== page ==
Understanding this setup helps one see why Republicans hate the kind of spending listed above. Education money does not go into the coffers of large corporations; if teachers get paid and schools get supplies, how does that help the establishment? All it does is make the next generation a bit smarter, which does not help the establishment maintain control. And infrastructure? If the government builds it, how can private industry charge for it? Health research? Doesn’t that cut into Big Pharma’s field? And a lot of that might be research telling the corporations how dangerous their products are.

No, money going directly to people doing their jobs and young people learning to think are counterproductive to the society that today’s GOP wants to build. They don’t want people to be employed without private industry getting their cut off the top, they don’t want the electorate to get too smart (especially off the public’s dime, which goes equally for everyone, or–gasp–to the poor, who need it most), and they certainly don’t want people to see government doing anything right for fear that private industry would not be able to do the same thing while charging more for the profit they skim.

Sorry, just felt like a rant today. Short story: cuts always hurt someone, they always gore somebody’s ox. That’s why government abhors not spending.

Categories: Economics, GOP & The Election Tags:

Busting the Budget

September 24th, 2010 10 comments

If you’re a conservative, you probably hate Obama’s stimulus and health care plan, right? You see them as wasteful spending on a scale that busts the budget and explodes the deficit.

What if Obama were to propose a fiscal plan that would cost four times what the stimulus and health care bill cost, combined??? You would probably burst at the seams, and rant about how Obama is trying to destroy the nation.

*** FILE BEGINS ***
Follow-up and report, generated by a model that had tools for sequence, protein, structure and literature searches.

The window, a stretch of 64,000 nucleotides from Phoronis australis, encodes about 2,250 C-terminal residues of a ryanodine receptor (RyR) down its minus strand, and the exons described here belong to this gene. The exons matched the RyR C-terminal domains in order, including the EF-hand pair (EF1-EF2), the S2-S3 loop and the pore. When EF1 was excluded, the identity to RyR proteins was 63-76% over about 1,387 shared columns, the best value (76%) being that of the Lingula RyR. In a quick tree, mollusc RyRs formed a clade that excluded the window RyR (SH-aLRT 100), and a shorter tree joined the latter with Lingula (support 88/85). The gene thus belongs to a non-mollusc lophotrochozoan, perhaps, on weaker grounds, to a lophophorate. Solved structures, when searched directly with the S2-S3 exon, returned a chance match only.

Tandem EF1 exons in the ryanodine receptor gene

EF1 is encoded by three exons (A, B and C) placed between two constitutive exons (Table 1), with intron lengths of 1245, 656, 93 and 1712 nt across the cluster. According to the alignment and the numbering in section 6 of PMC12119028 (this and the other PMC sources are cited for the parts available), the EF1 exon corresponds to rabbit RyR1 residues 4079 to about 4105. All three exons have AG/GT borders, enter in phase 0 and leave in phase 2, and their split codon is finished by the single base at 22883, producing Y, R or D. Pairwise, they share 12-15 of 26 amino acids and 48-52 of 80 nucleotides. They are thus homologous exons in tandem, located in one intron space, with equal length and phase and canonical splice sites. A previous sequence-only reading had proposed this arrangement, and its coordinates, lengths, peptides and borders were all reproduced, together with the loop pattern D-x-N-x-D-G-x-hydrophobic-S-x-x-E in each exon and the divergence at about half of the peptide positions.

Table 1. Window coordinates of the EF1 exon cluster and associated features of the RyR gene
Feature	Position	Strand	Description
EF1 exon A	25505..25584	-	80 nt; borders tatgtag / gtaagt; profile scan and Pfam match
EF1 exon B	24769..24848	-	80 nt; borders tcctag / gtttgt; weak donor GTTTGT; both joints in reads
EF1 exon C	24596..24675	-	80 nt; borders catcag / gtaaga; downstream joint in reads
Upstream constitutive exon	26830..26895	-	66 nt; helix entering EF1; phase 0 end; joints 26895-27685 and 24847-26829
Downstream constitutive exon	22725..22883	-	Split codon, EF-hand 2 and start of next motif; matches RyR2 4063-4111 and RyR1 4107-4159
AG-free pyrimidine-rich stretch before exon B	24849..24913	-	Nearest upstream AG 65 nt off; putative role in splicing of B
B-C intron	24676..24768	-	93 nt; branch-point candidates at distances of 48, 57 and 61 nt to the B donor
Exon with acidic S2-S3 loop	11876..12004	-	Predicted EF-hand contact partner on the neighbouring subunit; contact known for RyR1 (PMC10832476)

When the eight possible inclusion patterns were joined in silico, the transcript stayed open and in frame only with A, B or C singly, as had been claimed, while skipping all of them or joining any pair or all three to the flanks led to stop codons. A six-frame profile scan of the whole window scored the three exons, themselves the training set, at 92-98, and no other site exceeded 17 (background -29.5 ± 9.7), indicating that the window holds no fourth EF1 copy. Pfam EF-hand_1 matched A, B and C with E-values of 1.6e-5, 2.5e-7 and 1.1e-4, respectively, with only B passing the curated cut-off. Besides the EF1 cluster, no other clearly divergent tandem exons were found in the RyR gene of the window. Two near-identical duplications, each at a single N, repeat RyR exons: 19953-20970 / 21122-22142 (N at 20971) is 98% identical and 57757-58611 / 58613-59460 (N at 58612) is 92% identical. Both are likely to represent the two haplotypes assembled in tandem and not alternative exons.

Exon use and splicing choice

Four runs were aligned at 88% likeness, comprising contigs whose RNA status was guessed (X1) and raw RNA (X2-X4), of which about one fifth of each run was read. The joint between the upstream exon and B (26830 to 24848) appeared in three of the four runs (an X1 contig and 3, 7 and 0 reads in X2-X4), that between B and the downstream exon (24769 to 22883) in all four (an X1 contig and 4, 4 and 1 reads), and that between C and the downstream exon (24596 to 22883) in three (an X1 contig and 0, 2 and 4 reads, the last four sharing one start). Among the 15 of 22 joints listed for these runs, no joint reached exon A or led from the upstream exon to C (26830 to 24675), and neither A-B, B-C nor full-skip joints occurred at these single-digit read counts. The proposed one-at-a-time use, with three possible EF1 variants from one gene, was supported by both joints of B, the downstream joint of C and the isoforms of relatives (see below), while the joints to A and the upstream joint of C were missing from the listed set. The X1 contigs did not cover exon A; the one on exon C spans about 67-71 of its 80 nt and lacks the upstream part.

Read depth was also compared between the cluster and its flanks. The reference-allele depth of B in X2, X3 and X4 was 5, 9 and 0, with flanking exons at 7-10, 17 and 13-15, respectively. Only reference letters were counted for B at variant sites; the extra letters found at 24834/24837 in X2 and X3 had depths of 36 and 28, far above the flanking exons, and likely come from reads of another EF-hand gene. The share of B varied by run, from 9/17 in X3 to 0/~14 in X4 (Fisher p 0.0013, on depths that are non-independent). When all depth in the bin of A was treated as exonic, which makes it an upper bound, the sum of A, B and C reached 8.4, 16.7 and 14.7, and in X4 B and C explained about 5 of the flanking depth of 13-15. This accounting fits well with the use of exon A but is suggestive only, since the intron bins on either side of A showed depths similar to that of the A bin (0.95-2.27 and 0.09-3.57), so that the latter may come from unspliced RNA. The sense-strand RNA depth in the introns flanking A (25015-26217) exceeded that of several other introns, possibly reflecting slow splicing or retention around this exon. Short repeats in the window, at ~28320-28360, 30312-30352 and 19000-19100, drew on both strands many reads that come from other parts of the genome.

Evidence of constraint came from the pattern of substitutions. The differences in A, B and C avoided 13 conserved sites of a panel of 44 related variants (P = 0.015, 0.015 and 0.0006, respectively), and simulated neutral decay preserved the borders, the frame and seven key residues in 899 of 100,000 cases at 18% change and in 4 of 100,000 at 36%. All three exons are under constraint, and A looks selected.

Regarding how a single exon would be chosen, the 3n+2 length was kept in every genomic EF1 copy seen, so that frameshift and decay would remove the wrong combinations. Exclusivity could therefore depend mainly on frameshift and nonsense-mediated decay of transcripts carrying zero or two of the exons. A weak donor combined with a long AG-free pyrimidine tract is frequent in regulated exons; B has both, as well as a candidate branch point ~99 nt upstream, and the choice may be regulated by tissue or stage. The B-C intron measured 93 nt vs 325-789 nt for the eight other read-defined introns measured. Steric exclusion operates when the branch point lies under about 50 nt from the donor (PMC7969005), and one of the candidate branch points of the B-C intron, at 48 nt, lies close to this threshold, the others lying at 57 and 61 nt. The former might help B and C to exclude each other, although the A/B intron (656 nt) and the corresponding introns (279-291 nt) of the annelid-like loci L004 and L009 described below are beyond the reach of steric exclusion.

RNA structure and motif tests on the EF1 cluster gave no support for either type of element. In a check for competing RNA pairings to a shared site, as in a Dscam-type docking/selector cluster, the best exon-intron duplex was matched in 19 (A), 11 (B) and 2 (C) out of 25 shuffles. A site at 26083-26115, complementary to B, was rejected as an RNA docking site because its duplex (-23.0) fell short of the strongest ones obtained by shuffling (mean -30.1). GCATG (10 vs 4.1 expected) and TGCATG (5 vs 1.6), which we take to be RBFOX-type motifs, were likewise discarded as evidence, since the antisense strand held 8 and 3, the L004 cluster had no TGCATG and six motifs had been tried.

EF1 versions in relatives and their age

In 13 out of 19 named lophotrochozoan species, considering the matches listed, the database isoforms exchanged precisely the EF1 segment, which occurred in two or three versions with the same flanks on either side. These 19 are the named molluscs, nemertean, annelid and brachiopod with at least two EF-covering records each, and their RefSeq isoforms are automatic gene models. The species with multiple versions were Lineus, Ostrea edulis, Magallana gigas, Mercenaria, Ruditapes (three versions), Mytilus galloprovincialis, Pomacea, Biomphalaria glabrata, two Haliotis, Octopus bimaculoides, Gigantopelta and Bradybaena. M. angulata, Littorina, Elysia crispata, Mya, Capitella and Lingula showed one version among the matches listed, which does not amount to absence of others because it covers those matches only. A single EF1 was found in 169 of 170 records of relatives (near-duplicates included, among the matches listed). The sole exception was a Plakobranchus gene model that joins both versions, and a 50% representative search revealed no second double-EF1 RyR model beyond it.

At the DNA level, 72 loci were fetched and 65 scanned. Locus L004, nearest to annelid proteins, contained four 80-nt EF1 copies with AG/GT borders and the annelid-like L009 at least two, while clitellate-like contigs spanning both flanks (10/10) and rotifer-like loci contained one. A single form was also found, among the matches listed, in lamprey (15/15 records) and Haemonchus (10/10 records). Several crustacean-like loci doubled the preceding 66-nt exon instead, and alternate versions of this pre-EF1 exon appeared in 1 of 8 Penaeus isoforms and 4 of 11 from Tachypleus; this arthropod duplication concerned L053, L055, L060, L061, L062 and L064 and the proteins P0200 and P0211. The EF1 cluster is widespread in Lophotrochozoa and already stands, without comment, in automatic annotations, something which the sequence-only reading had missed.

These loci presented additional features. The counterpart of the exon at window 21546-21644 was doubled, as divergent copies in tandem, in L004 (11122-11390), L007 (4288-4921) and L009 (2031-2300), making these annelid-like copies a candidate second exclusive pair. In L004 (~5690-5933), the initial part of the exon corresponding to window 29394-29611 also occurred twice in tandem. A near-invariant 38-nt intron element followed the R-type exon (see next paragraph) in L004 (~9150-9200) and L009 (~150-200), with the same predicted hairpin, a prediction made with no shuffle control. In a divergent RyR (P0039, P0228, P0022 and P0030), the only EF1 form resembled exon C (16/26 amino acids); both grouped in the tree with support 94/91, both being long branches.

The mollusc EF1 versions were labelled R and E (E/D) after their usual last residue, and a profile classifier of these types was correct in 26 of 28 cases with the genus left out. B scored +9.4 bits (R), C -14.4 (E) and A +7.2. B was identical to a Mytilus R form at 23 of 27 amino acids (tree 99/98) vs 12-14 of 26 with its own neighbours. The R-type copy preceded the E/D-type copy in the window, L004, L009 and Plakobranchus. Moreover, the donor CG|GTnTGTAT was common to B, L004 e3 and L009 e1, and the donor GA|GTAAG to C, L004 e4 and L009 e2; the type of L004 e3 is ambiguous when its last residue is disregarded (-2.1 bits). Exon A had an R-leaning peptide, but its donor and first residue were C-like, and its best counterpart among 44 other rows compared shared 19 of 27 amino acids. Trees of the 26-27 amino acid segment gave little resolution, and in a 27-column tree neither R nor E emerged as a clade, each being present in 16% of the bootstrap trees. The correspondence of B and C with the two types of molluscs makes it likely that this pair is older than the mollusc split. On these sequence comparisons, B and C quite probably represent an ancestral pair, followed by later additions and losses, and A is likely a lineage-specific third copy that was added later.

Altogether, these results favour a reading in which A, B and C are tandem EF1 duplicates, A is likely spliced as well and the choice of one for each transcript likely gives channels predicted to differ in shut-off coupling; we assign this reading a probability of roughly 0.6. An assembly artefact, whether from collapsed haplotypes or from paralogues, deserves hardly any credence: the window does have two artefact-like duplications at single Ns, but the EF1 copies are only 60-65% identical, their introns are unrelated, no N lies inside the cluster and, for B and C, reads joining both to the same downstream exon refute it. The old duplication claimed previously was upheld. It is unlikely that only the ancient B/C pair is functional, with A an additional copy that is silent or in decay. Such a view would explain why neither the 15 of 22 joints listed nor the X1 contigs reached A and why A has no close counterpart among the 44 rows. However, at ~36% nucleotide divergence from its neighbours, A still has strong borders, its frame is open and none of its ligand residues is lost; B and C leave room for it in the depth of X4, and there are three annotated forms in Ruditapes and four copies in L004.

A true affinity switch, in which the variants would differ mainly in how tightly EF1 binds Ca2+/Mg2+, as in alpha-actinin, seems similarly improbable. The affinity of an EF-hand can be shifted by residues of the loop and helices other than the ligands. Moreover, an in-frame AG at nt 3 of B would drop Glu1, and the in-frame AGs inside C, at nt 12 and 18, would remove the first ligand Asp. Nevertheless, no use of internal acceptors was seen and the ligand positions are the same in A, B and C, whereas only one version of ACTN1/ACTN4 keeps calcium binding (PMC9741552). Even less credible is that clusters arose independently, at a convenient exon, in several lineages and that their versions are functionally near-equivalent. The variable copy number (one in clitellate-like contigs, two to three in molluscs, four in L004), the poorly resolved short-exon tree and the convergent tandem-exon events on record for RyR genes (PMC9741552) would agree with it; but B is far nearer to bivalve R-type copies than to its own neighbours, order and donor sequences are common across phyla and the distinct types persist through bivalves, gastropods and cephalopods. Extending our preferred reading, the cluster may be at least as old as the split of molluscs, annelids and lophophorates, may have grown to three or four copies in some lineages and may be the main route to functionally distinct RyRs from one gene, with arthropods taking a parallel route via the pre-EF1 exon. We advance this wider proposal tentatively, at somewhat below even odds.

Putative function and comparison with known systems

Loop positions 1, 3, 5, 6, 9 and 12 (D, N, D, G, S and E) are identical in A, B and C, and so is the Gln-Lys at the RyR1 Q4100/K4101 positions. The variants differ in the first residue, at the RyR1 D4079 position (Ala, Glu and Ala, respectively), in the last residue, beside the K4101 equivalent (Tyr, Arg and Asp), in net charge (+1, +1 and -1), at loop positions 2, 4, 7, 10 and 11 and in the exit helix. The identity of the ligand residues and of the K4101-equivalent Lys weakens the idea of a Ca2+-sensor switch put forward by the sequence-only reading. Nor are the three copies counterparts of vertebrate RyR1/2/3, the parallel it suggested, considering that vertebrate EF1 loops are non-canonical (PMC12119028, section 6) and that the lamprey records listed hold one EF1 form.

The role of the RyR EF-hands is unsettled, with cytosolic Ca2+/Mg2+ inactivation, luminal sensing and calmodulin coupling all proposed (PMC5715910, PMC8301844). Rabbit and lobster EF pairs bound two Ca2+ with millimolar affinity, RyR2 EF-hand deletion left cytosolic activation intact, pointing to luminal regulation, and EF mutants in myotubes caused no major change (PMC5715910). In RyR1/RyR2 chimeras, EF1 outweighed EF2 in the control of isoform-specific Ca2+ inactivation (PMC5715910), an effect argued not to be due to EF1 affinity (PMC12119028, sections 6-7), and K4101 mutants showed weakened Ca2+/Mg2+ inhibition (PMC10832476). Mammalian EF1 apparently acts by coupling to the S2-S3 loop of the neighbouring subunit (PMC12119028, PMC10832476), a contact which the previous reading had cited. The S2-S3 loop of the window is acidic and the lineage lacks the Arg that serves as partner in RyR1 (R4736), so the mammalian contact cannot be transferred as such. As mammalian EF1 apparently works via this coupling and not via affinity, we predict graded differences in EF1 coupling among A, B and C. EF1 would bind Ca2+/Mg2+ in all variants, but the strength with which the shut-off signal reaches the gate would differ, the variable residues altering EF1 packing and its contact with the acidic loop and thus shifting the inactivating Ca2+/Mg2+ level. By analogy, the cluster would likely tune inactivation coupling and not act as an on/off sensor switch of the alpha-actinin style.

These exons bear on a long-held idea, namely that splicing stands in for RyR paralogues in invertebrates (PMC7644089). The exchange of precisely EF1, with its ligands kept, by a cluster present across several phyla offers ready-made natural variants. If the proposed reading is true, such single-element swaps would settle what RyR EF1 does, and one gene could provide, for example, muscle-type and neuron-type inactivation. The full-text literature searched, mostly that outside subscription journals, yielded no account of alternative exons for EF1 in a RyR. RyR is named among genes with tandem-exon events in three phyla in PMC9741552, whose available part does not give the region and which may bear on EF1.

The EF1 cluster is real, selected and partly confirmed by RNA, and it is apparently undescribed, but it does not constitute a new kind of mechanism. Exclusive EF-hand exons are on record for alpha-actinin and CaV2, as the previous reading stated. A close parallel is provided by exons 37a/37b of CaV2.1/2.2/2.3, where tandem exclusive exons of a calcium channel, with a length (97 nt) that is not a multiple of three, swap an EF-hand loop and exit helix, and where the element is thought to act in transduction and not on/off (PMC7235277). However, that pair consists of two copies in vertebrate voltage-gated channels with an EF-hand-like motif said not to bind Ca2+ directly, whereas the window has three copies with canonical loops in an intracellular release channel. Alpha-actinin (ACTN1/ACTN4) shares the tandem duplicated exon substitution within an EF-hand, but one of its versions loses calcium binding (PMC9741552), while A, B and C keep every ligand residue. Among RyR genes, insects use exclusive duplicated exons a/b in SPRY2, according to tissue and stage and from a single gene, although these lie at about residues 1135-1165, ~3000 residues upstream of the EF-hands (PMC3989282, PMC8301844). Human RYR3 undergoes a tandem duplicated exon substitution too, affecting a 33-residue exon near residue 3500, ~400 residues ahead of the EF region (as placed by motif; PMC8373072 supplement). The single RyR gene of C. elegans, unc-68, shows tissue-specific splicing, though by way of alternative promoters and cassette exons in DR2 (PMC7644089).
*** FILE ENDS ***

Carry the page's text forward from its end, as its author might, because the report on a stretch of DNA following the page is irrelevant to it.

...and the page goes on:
Well, exactly such a plan is being proposed.

By Republicans.

From WaPo:

Even as they hammer Democrats for running up record budget deficits, Senate Republicans are rolling out a plan to permanently extend an array of expiring tax breaks that would deprive the Treasury of more than $4 trillion over the next decade, nearly doubling projected deficits over that period unless dramatic spending cuts are made.

The measure, introduced by Senate Minority Leader Mitch McConnell (R-Ky.) this week, would permanently extend the George W. Bush-era income tax cuts that benefit virtually every U.S. taxpayer, rein in the alternative minimum tax and limit the estate tax to estates worth more than $5 million for individuals or $10 million for couples.

Aides to McConnell said they have yet to receive a cost estimate for the measure. But the nonpartisan Congressional Budget Office recently forecast that a similar, slightly more expensive package that includes a full repeal of the estate tax would force the nation to borrow an additional $3.9 trillion over the next decade and increase interest payments on the national debt by $950 billion. That’s more than four times the projected deficit impact of President Obama’s health-care overhaul and stimulus package combined.

So, are you infuriated by the GOP yet? No? Gee whiz, what a surprise.

Four Hours

September 24th, 2010 Comments off

Four hours is all it took. The Republican “Pledge” to help small businesses died a quick death. Four hours after House Republicans released their plan to save America, complete with a whole section on how they want to help small businesses with tax breaks, they voted against a bill to give small businesses $12 billion in tax breaks, and $30 billion in loans.

Why did they oppose it? Supposedly because the lending program smelled too much like TARP, which, despite its failure to secure answerability, transparency, or policy-correction from the banks who used it, turned out to have been fairly successful. And the CBO reports that at the completion of the program, the deficit would be reduced by about a billion dollars. No, the GOP would like the Dems to drop the small-business assistance bill, and instead let the GOP pass their $750 billion deficit-ballooning tax cut extension for rich people. Because they’re fiscally responsible and all that.